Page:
November 27th, 2013
John Grade’s ‘Capacitor’ is a sculpture that almost seems to breathe. The Seattle-based artist’s installation envelops the viewer in a luminous coil that slowly opens and closes while an internal light source ebbs and flows with breathy variances in intensity. The Capacitor’s movement and light pattern is determined by sensors on the roof of the exhibition space, completely transforming how the viewer conceives of the environment.
Constant yet minute weather changes are exaggerated so that a conventionally subtle experience becomes a visceral onslaught of sensory information. The nodule forms that constitute the physical installation are meant to evoke magnified notions of the microscopic – a remarkable exposition of a physical world that remains forever hidden to the naked eye.
Grade’s Capacitor is rooted in his preoccupation with change. Is the Capacitor a macabre prophesying of the way we are bound to experience nature in a hundred years time? As a kind of mediary between nature in an unadulterated form and its detached translation in lights and artifice, the Capacitor seems to simultaneously deepen our understanding while placing the viewer at a comfortable distance from the original. For more of Grade’s work, be sure to check out his website.
- James Lavapie
November 21st, 2013
Although the standard paper crane may be the most immediate image that comes mind when thinking of origami, the work of artist Joel Cooper is often more reminiscent of a collection of ancient relics. Coopers intricate works of folded paper are manipulated in such a way that the medium is left virtually unrecognizable, more closely resembling carved stone or metal.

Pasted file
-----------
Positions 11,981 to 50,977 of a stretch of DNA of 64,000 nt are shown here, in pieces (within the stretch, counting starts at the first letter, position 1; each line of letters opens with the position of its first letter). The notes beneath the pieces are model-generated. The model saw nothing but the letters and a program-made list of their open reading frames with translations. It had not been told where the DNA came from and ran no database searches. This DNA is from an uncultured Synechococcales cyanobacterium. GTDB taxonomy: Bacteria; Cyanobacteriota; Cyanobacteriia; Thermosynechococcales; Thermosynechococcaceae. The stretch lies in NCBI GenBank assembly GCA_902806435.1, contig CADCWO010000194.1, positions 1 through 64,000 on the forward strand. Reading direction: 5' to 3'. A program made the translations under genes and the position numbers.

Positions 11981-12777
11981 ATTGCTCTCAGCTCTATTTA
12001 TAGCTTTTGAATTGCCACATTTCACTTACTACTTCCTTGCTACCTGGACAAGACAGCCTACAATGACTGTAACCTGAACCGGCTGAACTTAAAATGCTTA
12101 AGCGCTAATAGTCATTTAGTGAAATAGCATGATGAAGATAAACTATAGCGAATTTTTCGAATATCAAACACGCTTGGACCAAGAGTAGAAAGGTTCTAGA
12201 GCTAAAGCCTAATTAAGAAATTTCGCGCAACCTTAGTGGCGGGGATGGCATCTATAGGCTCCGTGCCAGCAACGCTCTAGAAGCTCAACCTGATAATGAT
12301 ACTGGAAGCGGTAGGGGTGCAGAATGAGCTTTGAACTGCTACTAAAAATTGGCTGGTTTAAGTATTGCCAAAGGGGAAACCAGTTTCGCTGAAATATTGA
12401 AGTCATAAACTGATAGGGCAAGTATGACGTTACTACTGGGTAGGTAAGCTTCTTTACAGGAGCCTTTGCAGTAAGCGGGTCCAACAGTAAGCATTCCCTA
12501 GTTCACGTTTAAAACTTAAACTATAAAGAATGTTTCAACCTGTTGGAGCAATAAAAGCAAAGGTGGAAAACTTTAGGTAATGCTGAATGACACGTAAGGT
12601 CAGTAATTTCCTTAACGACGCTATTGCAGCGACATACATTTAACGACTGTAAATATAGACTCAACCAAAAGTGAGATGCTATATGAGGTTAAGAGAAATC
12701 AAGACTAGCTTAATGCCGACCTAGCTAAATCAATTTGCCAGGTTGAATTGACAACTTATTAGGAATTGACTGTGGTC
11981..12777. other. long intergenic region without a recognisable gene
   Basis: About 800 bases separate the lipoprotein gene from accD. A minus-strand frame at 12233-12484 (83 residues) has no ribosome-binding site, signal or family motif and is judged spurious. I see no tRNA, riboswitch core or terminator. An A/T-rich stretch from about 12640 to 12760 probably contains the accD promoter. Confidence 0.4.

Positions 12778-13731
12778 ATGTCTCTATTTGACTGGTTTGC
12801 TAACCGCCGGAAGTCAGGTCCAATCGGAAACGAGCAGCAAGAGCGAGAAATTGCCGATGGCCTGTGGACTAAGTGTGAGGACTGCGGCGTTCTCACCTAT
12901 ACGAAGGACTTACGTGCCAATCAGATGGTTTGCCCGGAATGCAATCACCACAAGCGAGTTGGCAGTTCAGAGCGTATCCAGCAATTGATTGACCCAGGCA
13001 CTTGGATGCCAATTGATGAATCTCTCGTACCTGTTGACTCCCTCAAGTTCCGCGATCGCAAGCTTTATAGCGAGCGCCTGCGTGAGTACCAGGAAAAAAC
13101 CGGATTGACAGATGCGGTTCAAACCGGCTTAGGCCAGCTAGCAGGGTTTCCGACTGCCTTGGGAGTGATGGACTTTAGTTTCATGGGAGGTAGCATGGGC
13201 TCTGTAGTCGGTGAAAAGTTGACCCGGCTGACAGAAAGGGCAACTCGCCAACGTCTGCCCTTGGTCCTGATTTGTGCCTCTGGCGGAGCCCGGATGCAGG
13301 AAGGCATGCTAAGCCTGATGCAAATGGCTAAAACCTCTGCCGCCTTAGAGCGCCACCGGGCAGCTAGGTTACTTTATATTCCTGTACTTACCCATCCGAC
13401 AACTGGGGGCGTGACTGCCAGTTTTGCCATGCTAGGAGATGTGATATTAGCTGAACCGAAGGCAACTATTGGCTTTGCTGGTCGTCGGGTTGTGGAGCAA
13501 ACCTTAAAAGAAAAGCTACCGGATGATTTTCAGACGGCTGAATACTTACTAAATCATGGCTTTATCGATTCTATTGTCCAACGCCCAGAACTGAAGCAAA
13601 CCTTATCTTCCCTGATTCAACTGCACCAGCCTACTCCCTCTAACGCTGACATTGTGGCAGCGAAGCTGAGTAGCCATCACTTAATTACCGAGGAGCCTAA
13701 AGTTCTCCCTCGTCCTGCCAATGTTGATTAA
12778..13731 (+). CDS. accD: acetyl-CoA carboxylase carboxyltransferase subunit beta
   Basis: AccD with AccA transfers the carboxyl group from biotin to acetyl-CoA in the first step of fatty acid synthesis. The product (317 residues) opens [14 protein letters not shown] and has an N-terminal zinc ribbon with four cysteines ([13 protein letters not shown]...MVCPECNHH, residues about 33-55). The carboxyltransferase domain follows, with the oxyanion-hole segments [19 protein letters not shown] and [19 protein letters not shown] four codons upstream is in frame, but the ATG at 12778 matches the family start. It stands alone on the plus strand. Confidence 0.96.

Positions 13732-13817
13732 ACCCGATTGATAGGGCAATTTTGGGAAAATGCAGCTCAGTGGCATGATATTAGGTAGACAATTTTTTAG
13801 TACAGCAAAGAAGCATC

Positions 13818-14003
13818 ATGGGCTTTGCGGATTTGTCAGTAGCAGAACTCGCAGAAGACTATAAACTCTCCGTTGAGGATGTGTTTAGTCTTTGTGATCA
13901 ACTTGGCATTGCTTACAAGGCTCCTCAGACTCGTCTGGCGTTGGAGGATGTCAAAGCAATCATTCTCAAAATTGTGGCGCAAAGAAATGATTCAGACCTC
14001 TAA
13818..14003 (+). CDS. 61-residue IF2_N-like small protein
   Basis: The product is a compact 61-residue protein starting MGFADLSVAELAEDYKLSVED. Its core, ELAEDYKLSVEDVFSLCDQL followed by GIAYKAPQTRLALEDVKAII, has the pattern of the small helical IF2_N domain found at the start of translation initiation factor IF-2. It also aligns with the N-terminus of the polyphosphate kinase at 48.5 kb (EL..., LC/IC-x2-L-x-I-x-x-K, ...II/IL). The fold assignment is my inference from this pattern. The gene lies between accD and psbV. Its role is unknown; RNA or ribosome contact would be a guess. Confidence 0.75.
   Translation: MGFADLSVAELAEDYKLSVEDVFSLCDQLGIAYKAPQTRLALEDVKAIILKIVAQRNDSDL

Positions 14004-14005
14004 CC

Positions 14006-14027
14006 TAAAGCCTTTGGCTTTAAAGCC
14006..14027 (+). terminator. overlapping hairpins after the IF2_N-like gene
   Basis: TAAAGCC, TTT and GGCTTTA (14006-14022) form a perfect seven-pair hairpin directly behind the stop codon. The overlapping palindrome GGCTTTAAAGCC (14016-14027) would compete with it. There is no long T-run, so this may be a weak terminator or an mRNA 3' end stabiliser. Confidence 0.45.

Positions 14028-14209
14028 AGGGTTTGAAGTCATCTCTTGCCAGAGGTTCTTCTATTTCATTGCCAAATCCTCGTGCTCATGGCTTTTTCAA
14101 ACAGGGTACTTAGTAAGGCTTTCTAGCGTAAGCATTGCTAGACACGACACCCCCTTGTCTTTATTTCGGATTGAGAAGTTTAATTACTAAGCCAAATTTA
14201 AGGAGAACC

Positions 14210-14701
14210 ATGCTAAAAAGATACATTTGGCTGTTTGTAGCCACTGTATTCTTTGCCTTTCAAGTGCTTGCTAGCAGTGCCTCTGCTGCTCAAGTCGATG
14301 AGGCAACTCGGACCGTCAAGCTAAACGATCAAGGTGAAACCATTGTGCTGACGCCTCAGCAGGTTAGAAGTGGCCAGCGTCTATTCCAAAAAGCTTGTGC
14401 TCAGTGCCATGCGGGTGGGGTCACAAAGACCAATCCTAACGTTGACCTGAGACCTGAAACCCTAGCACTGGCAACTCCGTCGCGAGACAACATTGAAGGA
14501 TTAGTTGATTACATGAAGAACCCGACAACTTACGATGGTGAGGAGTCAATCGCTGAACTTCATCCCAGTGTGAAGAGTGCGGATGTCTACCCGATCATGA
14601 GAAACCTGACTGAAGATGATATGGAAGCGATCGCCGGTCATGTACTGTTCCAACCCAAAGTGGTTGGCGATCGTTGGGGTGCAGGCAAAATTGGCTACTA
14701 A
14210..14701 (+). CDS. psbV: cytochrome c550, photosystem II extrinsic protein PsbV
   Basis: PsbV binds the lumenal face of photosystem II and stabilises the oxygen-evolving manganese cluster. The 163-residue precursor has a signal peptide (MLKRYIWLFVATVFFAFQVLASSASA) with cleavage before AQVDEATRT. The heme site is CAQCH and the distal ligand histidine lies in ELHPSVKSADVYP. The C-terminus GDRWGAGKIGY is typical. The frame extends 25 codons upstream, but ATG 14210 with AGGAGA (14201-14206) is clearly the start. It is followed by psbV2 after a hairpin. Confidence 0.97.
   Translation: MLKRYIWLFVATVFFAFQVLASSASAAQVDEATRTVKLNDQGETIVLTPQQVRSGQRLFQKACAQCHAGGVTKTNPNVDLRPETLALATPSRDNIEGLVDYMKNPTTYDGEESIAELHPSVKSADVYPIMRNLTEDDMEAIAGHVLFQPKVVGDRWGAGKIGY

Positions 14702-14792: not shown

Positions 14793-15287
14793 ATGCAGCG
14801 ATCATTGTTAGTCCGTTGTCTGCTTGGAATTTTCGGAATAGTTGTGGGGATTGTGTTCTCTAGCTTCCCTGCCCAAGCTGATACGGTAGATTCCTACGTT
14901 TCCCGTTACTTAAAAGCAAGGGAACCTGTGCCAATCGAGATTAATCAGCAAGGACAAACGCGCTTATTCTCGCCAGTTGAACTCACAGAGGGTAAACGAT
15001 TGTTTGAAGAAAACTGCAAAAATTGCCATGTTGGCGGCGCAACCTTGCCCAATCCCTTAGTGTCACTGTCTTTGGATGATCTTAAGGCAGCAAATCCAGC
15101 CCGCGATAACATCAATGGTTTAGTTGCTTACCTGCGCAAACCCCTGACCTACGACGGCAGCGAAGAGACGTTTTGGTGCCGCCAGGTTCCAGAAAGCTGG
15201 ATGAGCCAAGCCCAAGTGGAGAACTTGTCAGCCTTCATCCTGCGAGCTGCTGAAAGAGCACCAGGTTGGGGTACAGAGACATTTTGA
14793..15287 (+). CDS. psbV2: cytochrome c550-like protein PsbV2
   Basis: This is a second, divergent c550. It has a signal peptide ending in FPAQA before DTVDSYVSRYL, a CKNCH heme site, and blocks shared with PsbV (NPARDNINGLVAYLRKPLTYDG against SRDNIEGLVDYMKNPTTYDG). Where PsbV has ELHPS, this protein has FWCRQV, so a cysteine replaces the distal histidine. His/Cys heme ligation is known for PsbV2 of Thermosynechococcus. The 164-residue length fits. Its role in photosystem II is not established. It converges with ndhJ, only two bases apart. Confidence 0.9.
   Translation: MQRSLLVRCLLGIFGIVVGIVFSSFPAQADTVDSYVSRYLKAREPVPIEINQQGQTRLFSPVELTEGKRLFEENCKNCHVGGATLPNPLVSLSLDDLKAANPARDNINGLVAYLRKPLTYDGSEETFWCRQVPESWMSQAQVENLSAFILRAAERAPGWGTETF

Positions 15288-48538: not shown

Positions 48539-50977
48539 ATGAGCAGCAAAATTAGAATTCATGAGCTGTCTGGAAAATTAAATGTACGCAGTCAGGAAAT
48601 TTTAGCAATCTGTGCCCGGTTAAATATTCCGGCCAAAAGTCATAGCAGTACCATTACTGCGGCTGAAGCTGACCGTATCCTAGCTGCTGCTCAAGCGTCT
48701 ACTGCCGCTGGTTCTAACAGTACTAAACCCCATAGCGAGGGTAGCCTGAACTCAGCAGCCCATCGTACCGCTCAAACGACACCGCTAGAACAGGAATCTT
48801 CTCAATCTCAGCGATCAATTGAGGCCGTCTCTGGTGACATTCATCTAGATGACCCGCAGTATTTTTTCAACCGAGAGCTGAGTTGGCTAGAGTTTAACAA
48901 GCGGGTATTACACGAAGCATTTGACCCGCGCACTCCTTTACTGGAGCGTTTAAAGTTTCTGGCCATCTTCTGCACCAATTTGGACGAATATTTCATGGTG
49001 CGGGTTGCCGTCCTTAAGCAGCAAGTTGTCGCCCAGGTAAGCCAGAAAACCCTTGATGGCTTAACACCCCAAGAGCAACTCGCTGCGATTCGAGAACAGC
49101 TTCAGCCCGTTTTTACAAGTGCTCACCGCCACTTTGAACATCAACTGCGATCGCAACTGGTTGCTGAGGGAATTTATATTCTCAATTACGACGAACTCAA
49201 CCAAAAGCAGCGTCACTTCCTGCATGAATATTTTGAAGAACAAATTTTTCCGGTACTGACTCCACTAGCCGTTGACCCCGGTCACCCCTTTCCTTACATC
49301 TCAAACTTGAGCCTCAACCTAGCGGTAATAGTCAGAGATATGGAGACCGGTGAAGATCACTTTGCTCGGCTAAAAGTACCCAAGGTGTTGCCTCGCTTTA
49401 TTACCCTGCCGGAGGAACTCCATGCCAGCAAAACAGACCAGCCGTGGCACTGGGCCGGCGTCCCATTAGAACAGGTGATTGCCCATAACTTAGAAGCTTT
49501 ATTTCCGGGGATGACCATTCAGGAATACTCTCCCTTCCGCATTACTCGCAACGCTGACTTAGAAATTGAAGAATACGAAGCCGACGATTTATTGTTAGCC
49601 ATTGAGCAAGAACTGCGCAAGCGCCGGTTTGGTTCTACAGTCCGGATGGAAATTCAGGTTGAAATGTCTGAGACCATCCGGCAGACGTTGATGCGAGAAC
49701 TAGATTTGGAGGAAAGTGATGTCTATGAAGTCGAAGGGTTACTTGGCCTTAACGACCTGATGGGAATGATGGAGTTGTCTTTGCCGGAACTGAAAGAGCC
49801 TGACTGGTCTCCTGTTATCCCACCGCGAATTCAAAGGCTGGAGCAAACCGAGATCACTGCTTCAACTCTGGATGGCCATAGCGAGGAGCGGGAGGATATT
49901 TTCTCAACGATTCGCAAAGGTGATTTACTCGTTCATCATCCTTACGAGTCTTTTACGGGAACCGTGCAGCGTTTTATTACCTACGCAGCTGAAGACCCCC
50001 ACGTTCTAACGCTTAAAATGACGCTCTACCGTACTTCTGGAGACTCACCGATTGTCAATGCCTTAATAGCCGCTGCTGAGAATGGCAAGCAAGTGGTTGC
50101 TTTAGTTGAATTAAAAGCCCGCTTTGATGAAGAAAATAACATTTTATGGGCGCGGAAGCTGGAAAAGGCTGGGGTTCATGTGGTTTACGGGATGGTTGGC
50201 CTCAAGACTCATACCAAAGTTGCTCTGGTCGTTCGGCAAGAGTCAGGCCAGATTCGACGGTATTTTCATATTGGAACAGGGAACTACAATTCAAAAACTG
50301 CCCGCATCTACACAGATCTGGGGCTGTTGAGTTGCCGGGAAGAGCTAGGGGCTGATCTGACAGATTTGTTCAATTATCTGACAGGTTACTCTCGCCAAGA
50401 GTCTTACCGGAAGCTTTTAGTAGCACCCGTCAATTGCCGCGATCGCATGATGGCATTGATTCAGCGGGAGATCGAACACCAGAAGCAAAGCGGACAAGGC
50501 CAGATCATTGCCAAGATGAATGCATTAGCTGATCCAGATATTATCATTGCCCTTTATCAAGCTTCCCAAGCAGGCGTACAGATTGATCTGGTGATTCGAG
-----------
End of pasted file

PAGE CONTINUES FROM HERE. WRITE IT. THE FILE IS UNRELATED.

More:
The foundation of many of Cooper’s works is constituted by a basket weave pattern from which he builds more complex forms. It’s in these intricacies that Cooper’s method borders on the masochistic – with what seems like an endless ritual of creasing and unfolding the paper hundreds of times before the final piece can be produced.
Cooper’s ancient masks are certainly astounding, but it’s his tessellation works that are most remarkable in their intricate precision. Fashioned from a single sheet of paper, we can’t even begin to conceive of how Cooper achieves the juxtaposition between sensuous folds and their jarring accents. The final result is something that evokes a sense of such permanence that it becomes easy to forget its inherent fragility. For more on Cooper or to purchase one of his works, head on over to his website.
- James Lavapie
November 7th, 2013
If the installations of New York-based artist Yorgo Alexopoulos are anything, they’re certainly futuristic. The artist combines his own paintings, photographs and films with digital animation and sound to create a sensory experience reminiscent of being entombed within a life-size computer. Take the artist’s latest work for instance, titled “Beguiled by Mystery.” Alexopoulos assembled twenty display monitors and synchronized their output – a simultaneous spectacle and shrine to the technological.